8. The new Section 32 of the BSA,2023 restructures and refines the provisions found in Section 26 of the Indian Evidence Act, 1872. BSA,2023 categorizes the cases into numbered subsections (1 to 8), offering a clearer and more organized framework. Notably, BSA,2023 adds specificity to some categories, like defining the types of business-related documents in subsection (2) and detailing certain relationships in subsections (5) and (6). However, BSA,2023 omits the provision related to documents specified in clause (a) of section 11 of the Indian Evidence Act. Despite these changes, the core intent and content of the provisions remain largely consistent between the two versions.

9. Section 31, BSA(Sec37, IEA): The new section focuses on Indian Central and State Acts and acknowledges digital formats, reflecting India's modern legal sovereignty and adapting to technological advancements. In contrast, the old section includes UK Acts and lacks digital acknowledgment, indicating its colonial-era origins. The new section removes colonial references, aligning with India's independent status. Overall, the changes show a move towards a localized, digitally inclusive, and post-colonial legal framework.

10. Section 32 BSA(Sec 38) Inclusion of Digital and Electronic Formats:

Section 32: Explicitly states that statements about foreign law can be contained in books published in both physical and electronic or digital forms. This indicates a modern approach, recognizing the evolving nature of legal publications and the increasing reliance on digital resources whereas, Section 38: Although it mentions law contained in books, it does not explicitly recognize electronic or digital forms. This implies that the section predates the common use of digital media, focusing primarily on physically printed materials. Both sections specify that the books must be printed or published under the authority of the government of the country whose law is being discussed, ensuring the authenticity of the source.

BSA section ensures that the law stays relevant with technological advancements and the increasing accessibility of legal documents in digital formats.

11. Section 35(Sec 41, IEA): The sections deal with the relevance and the conclusive proof provided by final judgments, orders, or decrees from competent courts exercising probate, matrimonial, admiralty, or insolvency jurisdiction and the new change is largely confined to document formatting and slight variances in phraseology.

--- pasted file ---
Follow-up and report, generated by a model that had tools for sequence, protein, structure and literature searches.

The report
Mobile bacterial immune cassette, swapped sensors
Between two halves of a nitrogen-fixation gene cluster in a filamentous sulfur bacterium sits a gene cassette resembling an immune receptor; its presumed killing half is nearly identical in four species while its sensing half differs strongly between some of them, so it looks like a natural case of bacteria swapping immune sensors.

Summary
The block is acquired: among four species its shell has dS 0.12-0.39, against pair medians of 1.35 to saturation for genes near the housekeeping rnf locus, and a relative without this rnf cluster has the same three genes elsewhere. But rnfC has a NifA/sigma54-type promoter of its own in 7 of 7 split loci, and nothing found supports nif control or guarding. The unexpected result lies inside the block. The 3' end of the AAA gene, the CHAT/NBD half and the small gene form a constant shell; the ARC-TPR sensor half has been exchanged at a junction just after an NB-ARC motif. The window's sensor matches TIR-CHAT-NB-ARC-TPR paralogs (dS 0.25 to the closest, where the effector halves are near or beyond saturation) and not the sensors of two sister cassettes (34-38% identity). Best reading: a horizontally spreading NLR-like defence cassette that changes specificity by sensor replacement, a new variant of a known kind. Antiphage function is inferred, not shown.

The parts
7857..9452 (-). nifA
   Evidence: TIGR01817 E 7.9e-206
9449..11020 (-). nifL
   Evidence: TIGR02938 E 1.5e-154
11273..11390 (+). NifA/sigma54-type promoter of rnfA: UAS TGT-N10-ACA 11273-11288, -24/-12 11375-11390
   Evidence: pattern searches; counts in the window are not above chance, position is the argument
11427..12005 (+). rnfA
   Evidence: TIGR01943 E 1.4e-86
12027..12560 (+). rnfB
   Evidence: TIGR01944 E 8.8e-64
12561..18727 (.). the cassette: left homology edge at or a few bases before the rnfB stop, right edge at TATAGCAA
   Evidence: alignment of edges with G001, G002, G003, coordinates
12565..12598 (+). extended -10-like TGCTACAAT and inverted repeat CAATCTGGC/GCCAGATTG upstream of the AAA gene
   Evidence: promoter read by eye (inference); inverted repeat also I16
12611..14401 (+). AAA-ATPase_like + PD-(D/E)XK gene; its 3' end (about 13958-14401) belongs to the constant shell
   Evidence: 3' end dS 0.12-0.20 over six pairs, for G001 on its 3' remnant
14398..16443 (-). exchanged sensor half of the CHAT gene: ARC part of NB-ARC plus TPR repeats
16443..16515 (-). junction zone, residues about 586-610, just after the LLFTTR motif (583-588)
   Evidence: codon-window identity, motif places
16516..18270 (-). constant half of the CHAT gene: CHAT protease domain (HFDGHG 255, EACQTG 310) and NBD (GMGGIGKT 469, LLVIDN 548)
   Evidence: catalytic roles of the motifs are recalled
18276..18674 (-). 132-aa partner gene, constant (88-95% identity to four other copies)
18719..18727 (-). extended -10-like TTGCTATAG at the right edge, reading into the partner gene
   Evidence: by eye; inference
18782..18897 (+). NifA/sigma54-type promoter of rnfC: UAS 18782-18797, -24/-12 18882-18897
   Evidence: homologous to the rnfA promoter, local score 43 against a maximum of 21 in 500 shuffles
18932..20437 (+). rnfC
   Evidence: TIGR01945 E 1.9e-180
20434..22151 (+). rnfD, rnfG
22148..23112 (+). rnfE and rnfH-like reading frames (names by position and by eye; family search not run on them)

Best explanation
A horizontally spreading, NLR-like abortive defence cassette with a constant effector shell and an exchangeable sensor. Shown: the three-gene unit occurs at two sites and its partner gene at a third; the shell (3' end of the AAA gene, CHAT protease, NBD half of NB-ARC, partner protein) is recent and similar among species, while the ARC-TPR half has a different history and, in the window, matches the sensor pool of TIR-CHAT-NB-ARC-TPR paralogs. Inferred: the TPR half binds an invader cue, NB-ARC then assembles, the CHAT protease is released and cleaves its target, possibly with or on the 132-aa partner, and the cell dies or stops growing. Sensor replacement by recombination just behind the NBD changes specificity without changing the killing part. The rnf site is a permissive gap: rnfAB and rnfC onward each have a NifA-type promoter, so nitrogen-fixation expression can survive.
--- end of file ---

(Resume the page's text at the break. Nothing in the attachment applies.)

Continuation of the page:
12. Section 39,BSA (Sec45, IEA): Both sections address the relevance of expert opinions in court cases regarding specific types of specialized knowledge, including foreign laws, sciences, arts, and the identification of handwriting or fingerprints.

BSA included:

  • Digital and Electronic Evidence: It mentions the role of the Examiner of Electronic Evidence under the Information Technology Act, of 2000.
  • Legal Structure and Detail: Provides a more detailed structure, including a subsection specifically dedicated to electronic evidence, which highlights the legal framework's adaptation to contemporary technological challenges.
  • Inclusion of digital forensics

The primary distinction between BSA sec 39 and IEA sec 45 lies in the explicit recognition and incorporation of digital and electronic evidence in the BSA, reflecting a modernization in legal proceedings that accommodates advances in technology. Both sections underline the importance of expert testimony in judicial processes but the BSA demonstrates a broader scope by integrating contemporary issues like digital evidence.

13. Section 52,BSA(Sec57, IEA): The sections ensure courts operate with efficiency by recognizing commonly accepted facts without proof, but they differ in their historical context and the specificity with which they approach modern legal frameworks. Section 52 appears more tailored to current legal contexts, while Section 57 provides a broader historical scope that includes colonial influences and the evolution of legal recognitions over time. This reflects the dynamic nature of legal texts as they adapt to changing governance and societal structures.

14. Section 55, BSA(Sec 60, IEA): Both sections describe the requisites for oral evidence in judicial proceedings, emphasizing the importance of direct testimony from witnesses regarding their personal experiences of sensory perceptions or opinions. The modification is on subtle legal distinctions or contextual applications rather than on the fundamental legal requirements detailed in these sections.

15. Section57,BSA( Section 62. IEA):